Advise Me

Agree To Disagree...And Other Tips For Surviving Family Gatherings

We’ll set the stage for you.

You’re sitting at a big table filled with delicious food and you can’t wait to help yourself to some turkey, stuffing, and, of course, the mashed potatoes you spent the morning peeling and mashing from scratch. You’re excited to be surrounded by family members, many of whom you haven’t seen since last year’s holiday festivities.

You begin diving into your food when suddenly you realize it’s happening – the family has broken into a heated political argument, again. The quarreling and tension continue through dessert and the fun, family day you were looking forward to for so long, is quickly becoming less and less fun.

If this sounds like something that happened at your last Thanksgiving, read on for some tips for diffusing the tension from Dr. Yazhini Srivathsal, a psychiatrist at Banner Behavioral Health Hospital.

Set expectations in advance. If you’re hosting Thanksgiving at your house this year, you can set clear expectations starting with the invitation. Emphasize from the start that this gathering is for people to come together, not to drift apart.

Rest up before the big day. Never underestimate the importance of a good night’s sleep. Being well-rested will help ensure you are at your personal best for the day ahead.

Be creative and strategic with the seating arrangement. If Uncle Bob and cousin Sally are notorious for getting into heated arguments, it’s probably best that they don’t sit across from one another at the table. Maybe mix things up and try an assigned seating arrangement with place cards at the table settings. This can also be a fun way to encourage more conversations between family members that don’t see each other on a regular basis.

It takes two to argue. If you feel a debate is beginning to start, don’t let yourself get drawn into an argument. After all, it is very difficult for one person to have an argument if everyone else is keeping their cool. Show interest and listen to other people’s opinions and try to understand their points of view. Consider that people’s perception of the truth might be different from the truth. Also, keep in mind that as the old saying goes, if you don’t have anything nice to say, don’t say anything at all.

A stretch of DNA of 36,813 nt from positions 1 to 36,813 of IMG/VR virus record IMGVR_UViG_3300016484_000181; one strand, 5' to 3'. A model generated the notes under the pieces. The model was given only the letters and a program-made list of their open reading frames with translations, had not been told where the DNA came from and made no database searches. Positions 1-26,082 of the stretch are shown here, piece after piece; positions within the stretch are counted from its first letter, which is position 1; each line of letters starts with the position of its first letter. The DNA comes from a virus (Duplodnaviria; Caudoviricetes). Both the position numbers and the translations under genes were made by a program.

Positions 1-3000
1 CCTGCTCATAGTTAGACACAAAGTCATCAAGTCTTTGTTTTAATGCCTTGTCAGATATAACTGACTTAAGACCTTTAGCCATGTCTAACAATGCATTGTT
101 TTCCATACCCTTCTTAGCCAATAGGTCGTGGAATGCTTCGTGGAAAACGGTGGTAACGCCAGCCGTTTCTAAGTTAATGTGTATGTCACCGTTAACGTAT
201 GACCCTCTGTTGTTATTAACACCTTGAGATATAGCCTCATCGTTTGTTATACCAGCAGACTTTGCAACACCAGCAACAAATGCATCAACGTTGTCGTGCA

Agree to disagree. Before things get too heated, acknowledge the others’ opinions and try to redirect the conversation. Cracking a joke can often be a great way to diffuse the tension in the room. Though it may be difficult, if someone says something to hurt you, do your best to end the cycle there, rather than hurting them back. Understand that you can disagree with someone and still respect and love them.

Have some fun! Have some light-hearted topics in mind to bring up – family events from the past year, fun memories, and, of course, Black Friday shopping lists. Take the time to catch up on each other’s lives and have some genuine conversation. It also never hurts to have some fun activities, like board games, planned for the downtime.

Think about the big picture. Remember that your relationships outlast all political situations, are stronger than any disagreement, and are more important than winning a debate. Enjoy your time with your loved ones. Happy Thanksgiving!

Behavioral Health Holidays